Personalization Glossary

A/B testing? Recommendation models? The personalization engine space uses several acronyms that may seem daunting, so we're here to help. You can find definitions to the most common e-commerce customer experience optimization terms here!

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Conversion Rate Optimization

A conversion is defined as the completion of a specific predetermined goal on the site by a visitor. Often, there may be several micro-goals leading up to a macro-goal on a website. 

Conversion rate optimization is the process by which increased conversions are achieved. It typically involves picking out strategies to improve site/app elements and validating them through A/B or multivariate testing

Click-Through Rate And Search Ads

Usually used as a metric to evaluating search ads in Google Adwords and other ad platforms. As search ads are most often pay-per-click (PPC) the average CTR helps to determine how a given ad will perform in driving traffic, and how much the ads will cost.

CTR of a search ad impacts the quality score in addition to gauging the performance of ad campaigns. The higher the click-through rate of an ad, relative to its ad position, the higher its quality score will be, leading to lower CPCs and lower cost ads.

Similarly, CTR can also be important for SEO as the click-through rate of a search result is believed by many to be one of the ranking factors in Google. The same is true of display ads and ads across other platforms such as Facebook ads.

Unique Click-Through Rate

Unique click-through-rate (UCTR) is an estimate of people who clicked a link divided by impressions, that is, the number of people who saw the ad. But where it differs from click-through-rate (CTR) is that an individual click and user counted only once towards that number. The click-through-rate is a count of all the clicks a user performs whereas unique click-through-rate only counts one click per user. For example, if a user clicks on a link while checking emails on the laptop, and then clicks on the same link once again through their phone, the total number of clicks counted towards UCTR would still be 1, while the contribution towards CTR would be 2.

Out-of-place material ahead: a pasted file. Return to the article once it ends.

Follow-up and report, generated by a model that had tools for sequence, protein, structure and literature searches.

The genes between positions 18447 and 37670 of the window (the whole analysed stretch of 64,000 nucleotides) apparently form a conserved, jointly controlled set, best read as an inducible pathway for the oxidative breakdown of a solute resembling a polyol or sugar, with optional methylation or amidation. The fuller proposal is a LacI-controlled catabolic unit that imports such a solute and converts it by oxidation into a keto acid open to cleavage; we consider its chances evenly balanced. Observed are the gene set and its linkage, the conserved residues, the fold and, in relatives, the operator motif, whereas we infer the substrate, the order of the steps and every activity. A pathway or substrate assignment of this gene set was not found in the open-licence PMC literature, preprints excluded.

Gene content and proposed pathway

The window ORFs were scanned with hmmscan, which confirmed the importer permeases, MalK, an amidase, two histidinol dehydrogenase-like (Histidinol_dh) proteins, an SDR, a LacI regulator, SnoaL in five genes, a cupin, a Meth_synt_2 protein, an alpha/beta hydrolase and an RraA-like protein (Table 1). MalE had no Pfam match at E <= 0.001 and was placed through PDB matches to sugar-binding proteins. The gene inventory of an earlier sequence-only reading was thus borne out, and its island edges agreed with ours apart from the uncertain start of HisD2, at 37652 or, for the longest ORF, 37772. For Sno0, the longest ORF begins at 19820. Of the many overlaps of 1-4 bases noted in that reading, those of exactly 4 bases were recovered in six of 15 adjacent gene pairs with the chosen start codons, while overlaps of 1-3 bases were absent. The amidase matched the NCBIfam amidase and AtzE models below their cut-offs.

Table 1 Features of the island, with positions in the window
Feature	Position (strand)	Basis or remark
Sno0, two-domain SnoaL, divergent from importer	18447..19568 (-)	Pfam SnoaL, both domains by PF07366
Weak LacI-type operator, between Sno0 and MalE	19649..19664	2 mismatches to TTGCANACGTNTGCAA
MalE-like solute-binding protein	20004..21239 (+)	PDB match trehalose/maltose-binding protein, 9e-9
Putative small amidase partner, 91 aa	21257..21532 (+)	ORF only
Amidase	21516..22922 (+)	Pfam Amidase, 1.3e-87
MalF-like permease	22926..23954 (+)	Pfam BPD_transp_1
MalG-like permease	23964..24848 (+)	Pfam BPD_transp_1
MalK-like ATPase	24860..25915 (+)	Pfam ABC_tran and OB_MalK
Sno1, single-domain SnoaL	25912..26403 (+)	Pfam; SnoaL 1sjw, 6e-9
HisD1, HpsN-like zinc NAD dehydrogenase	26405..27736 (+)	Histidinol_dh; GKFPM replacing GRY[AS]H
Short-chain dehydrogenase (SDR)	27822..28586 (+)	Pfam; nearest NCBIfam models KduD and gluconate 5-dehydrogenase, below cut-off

But it is not dependent on just the device. For example, say the user opens a mail in the morning and clicks on a link that opens to a new page. But for some reason, they don’t read it. If they return later in the day, and click on the link in the email, using the same device, and read the page then it would still contribute only 1 click towards UTCR, since it’s the same user. 

By default, UCTR counts people and not actions, i.e., it calculates the number of unique link clicks divided by impressions.

UCTR is a useful metric to keep track of, as it can help cut down noise from the CTR to give clearer insights. But you will need both numbers to get a clearer picture of how well your ad/email links are performing. CTR will tell you how much traffic your link is generating via shares, clicks and more. UCTR will give you a detailed picture of the number of individuals visiting each link.

This is a much more impactful number to understand the effectiveness of your ad and email in converting your target audience.

Click-Through Rate & A/B Testing

Click-through rate can be defined as the ratio of users who click on a specific call-to-action (CTA) button or element on a page, to the total number of users who view the page. This extends to other channels such as emails, or advertisements as well. It is a metric that is commonly used to measure the success of an ad/email campaign or the user experience on a webpage.

When running an A/B test, most people aim to optimize the click-through rate (CTR) of a CTA button or some other element on the page being used for the test. CTR can also be tracked as a secondary metric to gain useful insights, along with the primary conversion metric for the A/B test. CTR can help highlight a wholesome picture of user behavior in A/B testing.

Particularly, tracking CTR is useful in conversion optimization. It can be used to identify user behavior, user interest, and can also be used as a micro-conversion to build insights during A/B testing. In general, CTR-based optimization is considered the better approach for faster results in A/B tests, as opposed to optimizing for revenue or other big-picture metrics. When opting for click-based or CTR-based optimization of an A/B test, it is important to pick the right goals for optimization efforts.

There are several ways to decide what the variants of the A/B test should be when the goal is to optimize for the best CTR. Moving the main CTA button to a better position on a page could improve its click-through rate. Perhaps changing the color of the CTA button can increase its click-through rate. Without the right hypotheses, it is possible to make wrong assumptions about what users like and what they are likely to click, These decisions could easily derail the strategy of the A/B test.

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